7 Ways to Protect Against Medical Malpractice Lawsuits

Medical malpractice-related costs have reached $55.6 billion per year, according to a HealthAffairs study. That accounts for about 2.4% of all healthcare spending.

“Each state has its own laws related to medical malpractice. In California, for example, just being accused of medical malpractice or an ethics violation can lead to disciplinary action,” says Tsion Chudnovsky, a medical license attorney at Chudnovsky Law.

“The practice specialty areas with the most malpractice lawsuits are Anesthesiology, Emergency Medicine, General/Family Practice, Gynecology, Internal Medicine, Obstetrics, Orthopedic Surgery, Plastic Surgery, Radiology and Surgery,” according to Chudnovsky.

Practicing “Defensive Medicine”

Despite evidence that the majority of U.S. physicians practice “defensive medicine” –  spending more on tests and healthcare to reduce the risk of malpractice lawsuits – it is not clear that has any effect on reducing claims.

A Harvard Medical School study of 18 million hospital admissions involving 24,637 physicians that experienced 4,342 malpractice claims (2.8% per physician per year) found no evidence that the greater use of resources by physicians is associated with fewer malpractice claims.

While there may be no foolproof way to shield yourself from medical malpractice claims, here are 7 steps you can take to reduce your risk:

1. Establish Good Relationships with Your Patients

The doctor–patient relationship is a keystone to care. Patients expect quality medical care from their doctors. They also expect to be treated with kindness, compassion, respect and personal attention.

Respect and empathy can help patients be more forthcoming about their health and what they’re experiencing. When patients feel valued and comfortable discussing their symptoms, doctors are better able to make accurate diagnoses.

Clear and effective communication is crucial. After all, communication-related errors are the primary cause of malpractice claims.

2. Accurate and Complete Documentation

Communication is important, but accurate and complete documentation and charting is just as important. If you ever have to defend your actions, having explicit, comprehensive documentation will allow you to recount a situation and give a valid reason for your decision.

Ideally, you should document everything that happens between you and your patients.

  • Include dates and times with each entry, and include your signature
  • Write legibly
  • Record all advice, findings, decisions, instructions, etc. on significant issues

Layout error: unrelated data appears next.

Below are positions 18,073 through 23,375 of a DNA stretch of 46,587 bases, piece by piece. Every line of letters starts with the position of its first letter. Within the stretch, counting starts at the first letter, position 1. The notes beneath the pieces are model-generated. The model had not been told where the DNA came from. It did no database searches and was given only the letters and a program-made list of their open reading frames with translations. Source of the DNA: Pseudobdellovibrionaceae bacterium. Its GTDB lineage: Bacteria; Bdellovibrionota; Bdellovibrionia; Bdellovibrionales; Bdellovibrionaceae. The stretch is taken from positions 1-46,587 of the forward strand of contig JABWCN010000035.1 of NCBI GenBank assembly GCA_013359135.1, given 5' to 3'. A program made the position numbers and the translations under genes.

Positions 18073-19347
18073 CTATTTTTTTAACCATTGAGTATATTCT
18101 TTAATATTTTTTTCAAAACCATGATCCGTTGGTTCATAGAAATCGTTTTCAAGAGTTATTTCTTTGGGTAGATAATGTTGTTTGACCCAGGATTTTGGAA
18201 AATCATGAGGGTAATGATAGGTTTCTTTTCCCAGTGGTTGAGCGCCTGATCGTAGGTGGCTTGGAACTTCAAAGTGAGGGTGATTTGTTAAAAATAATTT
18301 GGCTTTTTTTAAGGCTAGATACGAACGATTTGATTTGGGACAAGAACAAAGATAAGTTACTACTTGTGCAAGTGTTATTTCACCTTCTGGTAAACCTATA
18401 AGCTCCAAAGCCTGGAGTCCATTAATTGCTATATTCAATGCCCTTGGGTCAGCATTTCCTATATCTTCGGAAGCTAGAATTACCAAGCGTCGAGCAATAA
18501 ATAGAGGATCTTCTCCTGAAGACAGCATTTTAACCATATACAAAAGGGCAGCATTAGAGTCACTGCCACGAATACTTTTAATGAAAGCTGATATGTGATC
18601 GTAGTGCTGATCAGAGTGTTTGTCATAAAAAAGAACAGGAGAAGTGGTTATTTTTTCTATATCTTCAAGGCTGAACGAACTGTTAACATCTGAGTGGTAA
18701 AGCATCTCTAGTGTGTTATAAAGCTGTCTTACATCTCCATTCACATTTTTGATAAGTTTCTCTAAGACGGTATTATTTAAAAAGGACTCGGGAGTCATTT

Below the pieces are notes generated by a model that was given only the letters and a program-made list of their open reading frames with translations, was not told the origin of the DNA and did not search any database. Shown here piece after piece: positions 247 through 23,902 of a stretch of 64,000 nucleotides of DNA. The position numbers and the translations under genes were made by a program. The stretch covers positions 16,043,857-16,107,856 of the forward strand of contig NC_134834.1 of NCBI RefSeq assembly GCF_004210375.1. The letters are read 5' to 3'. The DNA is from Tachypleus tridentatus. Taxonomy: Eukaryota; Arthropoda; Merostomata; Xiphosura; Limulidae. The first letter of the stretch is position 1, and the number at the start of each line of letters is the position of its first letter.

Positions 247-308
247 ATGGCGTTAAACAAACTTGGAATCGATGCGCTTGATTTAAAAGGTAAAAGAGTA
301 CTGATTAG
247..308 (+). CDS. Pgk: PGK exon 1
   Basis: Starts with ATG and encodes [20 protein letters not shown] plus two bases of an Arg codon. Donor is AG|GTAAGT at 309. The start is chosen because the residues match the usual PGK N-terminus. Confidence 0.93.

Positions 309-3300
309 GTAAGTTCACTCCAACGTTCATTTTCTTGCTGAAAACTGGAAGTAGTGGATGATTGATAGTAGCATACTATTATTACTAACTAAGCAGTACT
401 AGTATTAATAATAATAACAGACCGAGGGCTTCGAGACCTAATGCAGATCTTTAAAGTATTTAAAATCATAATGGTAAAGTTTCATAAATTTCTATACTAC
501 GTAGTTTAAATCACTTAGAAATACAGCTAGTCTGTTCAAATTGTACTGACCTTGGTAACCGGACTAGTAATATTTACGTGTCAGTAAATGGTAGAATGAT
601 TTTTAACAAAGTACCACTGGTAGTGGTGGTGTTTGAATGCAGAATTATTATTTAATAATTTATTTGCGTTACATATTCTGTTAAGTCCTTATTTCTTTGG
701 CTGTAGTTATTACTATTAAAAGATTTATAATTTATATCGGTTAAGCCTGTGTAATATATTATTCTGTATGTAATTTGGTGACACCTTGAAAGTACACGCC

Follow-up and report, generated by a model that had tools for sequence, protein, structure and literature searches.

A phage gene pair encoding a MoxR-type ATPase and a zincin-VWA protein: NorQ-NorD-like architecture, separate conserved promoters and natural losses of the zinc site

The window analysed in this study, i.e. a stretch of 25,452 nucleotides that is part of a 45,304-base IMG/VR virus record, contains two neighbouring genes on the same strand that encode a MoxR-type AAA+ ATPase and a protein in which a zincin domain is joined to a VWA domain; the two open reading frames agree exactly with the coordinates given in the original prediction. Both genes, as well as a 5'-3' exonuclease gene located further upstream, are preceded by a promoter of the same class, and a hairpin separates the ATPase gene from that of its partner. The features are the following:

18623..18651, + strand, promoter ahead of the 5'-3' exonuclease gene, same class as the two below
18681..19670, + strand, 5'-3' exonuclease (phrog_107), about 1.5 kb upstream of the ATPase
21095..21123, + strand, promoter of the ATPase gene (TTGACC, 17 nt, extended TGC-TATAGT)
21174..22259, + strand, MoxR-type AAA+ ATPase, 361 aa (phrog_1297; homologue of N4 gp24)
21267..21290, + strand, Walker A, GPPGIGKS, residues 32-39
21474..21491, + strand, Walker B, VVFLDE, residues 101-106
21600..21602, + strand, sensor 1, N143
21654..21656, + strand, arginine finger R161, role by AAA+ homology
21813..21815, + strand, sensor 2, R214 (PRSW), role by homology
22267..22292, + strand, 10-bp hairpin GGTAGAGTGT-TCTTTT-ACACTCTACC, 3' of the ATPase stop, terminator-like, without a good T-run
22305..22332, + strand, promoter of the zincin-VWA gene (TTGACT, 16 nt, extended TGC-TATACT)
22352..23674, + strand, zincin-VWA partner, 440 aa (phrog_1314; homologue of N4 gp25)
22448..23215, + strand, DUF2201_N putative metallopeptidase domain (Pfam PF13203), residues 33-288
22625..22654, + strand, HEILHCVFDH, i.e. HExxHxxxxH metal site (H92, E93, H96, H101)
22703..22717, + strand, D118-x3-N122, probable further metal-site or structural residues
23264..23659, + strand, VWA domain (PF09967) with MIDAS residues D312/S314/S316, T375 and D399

• Identify all people in your report

Documentation can make or break a medical malpractice case. If a patient makes a negligence claim and you have no documentation to defend your actions, the jury will very likely side with your patient.

3. Follow Standard Procedures

It’s important to follow proper medical standard of care practices when caring for patients. Following the standard policies will ensure that your patients receive the best care possible and your actions defensible in a lawsuit. These policies must be followed with each and every patient and in each and every case.

It’s also important to stay up to date on standards to ensure that you’re always providing patients with the best care possible.

4. Be Clear and Be Consistent

Compassion is important, but it’s also important to be clear and consistent in doctor–patient communication. Explain everything in terms and language that they can understand. Illustrations can be helpful and allow patients to visualize their diagnosis or explain how a treatment or medication will work.

Consistency is also important. Patients should all receive the same high level of care and attention.

5. Always Follow Up

It’s important to follow up with patients after exams and conversations to receive valuable feedback. If other physicians or specialists are involved in the patient’s case, be sure to follow up with them as well. When you have set protocols in place, all members of your practice can work together to ensure that follow-ups with patients are documented.

6. Always Obtain Informed Consent

Performing operations or procedures without informed consent is asking for a malpractice lawsuit. It is critical to review all elements of the procedure with the patient beforehand, including costs, range of outcomes, risks, reasons for/against the procedure, etc.

7. Manage Patient Expectations

Make it a priority to manage patient expectations throughout the entire process. Be as accurate and forthright as possible when discussing possible courses of action as well as possible outcomes and implications that may arise from medical decisions.


Adam Richards

About Adam Richards

Adam Richards is a semi-retired business professional originally from Bangor, Maine. He spent the majority of his career in sales and marketing where he rose to the marketing lead of a Fortune 1000 company. He then moved on to helping people as a career counselor that specifically helped bring families to self-sufficiency through finding them rewarding careers. He has now returned to Bangor for his retirement and spends his free time writing. This blog will be about everything he learned throughout his career. He'll write on career, workplace, education and technology issues as well as on trends, changes, and advice for the Maine job market and its employers.